Nor do I believe that breasts are obscene, or going to cause harm to children. And to be honest, I am sick of the moral panics surrounding any form of sex work. If you don’t like something or agree with it, respect. But the “save the children” argument is wearing pretty thin. Children experience most harm in the home, at the hands of their parents. Why not have a massive campaign about child sexual abuse?

The picture featured here is of topless dolls, yet Facebook closed the page down for ‘inappropriate content’. They are dolls for crying out loud! The page was later reinstated. But what does this tell us about the hysteria surrounding the female body?


The argument that the No More Page 3 campaign is not classist… I beg to differ!

I found an interesting quote online from a user named MartinWisse: “The snobbishness has struck me as irrational. They want the end of Page 3, but claim to be “sex positive” and pro porn. It’s as if pornography for the upper classes – tasteful monochrome Testino images of nudes, Mapplethorpe coffee table books or vintage Tom of Finland* prints are acceptable, yet accessible muck for the working classes is simply de trop. A catwalk show for a milliner featuring chilly looking models completely nude apart from the hat is applauded as high art: Sandra from Dagenham, in a pair of lacy pants, is not.”

It raises the much-debated point, what is porn? When is nudity acceptable? Surely what is indecent is subjective? I might find a nude photo in a fashion magazine to be artistic, someone else might be aroused by it, someone else will object. As Thomas Smith writes in The New Yorker (link below) “There’s something almost quaint about the argument that it’s pornography. Come the summer you’ll see the same sort of thing on beaches. It’s rather disturbing, the Victorian prudery against the naked form used by some, drawing the old artificial distinction between respectable “art” and “pornography” used before burning books”. We will in a visual culture, constantly plugged in to an internet where we can choose to access anything we want, you can’t censor that! And take a good long think about if you would want censorship. My best friend currently lives in China, she would tell you that you don’t!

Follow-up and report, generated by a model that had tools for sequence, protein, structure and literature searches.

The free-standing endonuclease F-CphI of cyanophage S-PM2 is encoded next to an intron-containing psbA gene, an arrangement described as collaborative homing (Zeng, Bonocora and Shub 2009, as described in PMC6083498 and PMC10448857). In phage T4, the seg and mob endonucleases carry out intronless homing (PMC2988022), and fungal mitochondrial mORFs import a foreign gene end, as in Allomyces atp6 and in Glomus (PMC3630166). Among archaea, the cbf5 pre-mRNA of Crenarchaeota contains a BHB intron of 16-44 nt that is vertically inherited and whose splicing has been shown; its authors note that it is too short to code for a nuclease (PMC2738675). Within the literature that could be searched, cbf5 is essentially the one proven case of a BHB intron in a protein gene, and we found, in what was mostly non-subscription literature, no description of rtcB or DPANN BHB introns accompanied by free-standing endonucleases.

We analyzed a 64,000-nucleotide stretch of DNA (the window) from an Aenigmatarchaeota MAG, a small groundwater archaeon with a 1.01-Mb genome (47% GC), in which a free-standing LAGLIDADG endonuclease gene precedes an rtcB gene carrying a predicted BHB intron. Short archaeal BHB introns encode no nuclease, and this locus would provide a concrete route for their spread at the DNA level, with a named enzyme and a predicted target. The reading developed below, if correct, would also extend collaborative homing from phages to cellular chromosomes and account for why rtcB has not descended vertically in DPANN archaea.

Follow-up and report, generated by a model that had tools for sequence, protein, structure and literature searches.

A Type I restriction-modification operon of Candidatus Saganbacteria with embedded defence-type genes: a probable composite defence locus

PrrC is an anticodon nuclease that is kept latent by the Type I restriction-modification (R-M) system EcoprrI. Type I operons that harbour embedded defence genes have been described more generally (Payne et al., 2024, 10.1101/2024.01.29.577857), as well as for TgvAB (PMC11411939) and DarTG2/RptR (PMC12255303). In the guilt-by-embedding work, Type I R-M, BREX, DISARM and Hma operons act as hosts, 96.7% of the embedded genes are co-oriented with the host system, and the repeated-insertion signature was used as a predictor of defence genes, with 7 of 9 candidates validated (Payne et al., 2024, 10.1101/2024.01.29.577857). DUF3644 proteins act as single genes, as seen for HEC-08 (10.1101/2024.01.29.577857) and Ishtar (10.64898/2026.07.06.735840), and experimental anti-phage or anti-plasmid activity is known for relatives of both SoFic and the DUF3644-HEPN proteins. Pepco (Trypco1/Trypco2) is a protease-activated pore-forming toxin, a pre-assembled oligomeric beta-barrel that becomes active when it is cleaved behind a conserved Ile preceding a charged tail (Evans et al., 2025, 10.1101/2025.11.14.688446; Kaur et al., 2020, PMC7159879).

My undergraduate dissertation looked at constructions of white deviance, specifically the white working-class woman as guardian of the race. It is a research area I am fascinated by, my PhD was originally going to investigate these issues. My blog post ‘Mean Girls and Slut Shaming’ gives a small insight into this. I started my undergraduate dissertation by looking at the work of Professor Bev Skeggs, and I have included the link below. Skeggs talks about the working class ‘chav’ body as “a body beyond governance” (2005, p.695). The working-class tabloids, and the largely working-class Page 3 girls who appear in them, cannot display femininity correctly. This is not ‘decent’ ‘respectable’ femininity, but bursting out of the seams, tacky, offensive. And it risks contaminating us all. We must take it away, censor it, ban it, it poses danger to all of society. Dr Imogen Tyler argues that large breasts are “a signifier of working-class female celebrity associated with glamour modelling and pornography” (Tyler & Bennett, 2010, p. 386). These models are deemed tasteless, vulgar, dirty. The working class woman’s body has long been under scrutiny and regulation. I also think the ‘NoMorePage3’ campaign is offensive towards working class men, that they are uneducated and brutish and cannot control themselves after looking at their trashy images. That they don’t know any better. That it is the likes of The Sun reader who is most likely to sexually harass you, not a nice middle-class man looking at his Pirelli calendar.

I have no doubt that Lucy started her sucessful campaign in good faith, indeed she has always been very polite in her communications with me. But there are a lot more issues at stake here especially regarding the implications of a woman’s body.

Some interesting links:
Tyler, I & Bennett, B (2010) ‘Celebrity Chav: Fame, femininity and social class’, European Journal of Cultural Studies, 13, pp.375-482 Censored Cover Raises Question: Why Are Breasts “Obscene,” But Not Chests? No More Page 3 Ignores So Much Other Shit Why I Never Signed the Page 3 Petition @Thosepeskydames Page 3 and Bad Feminism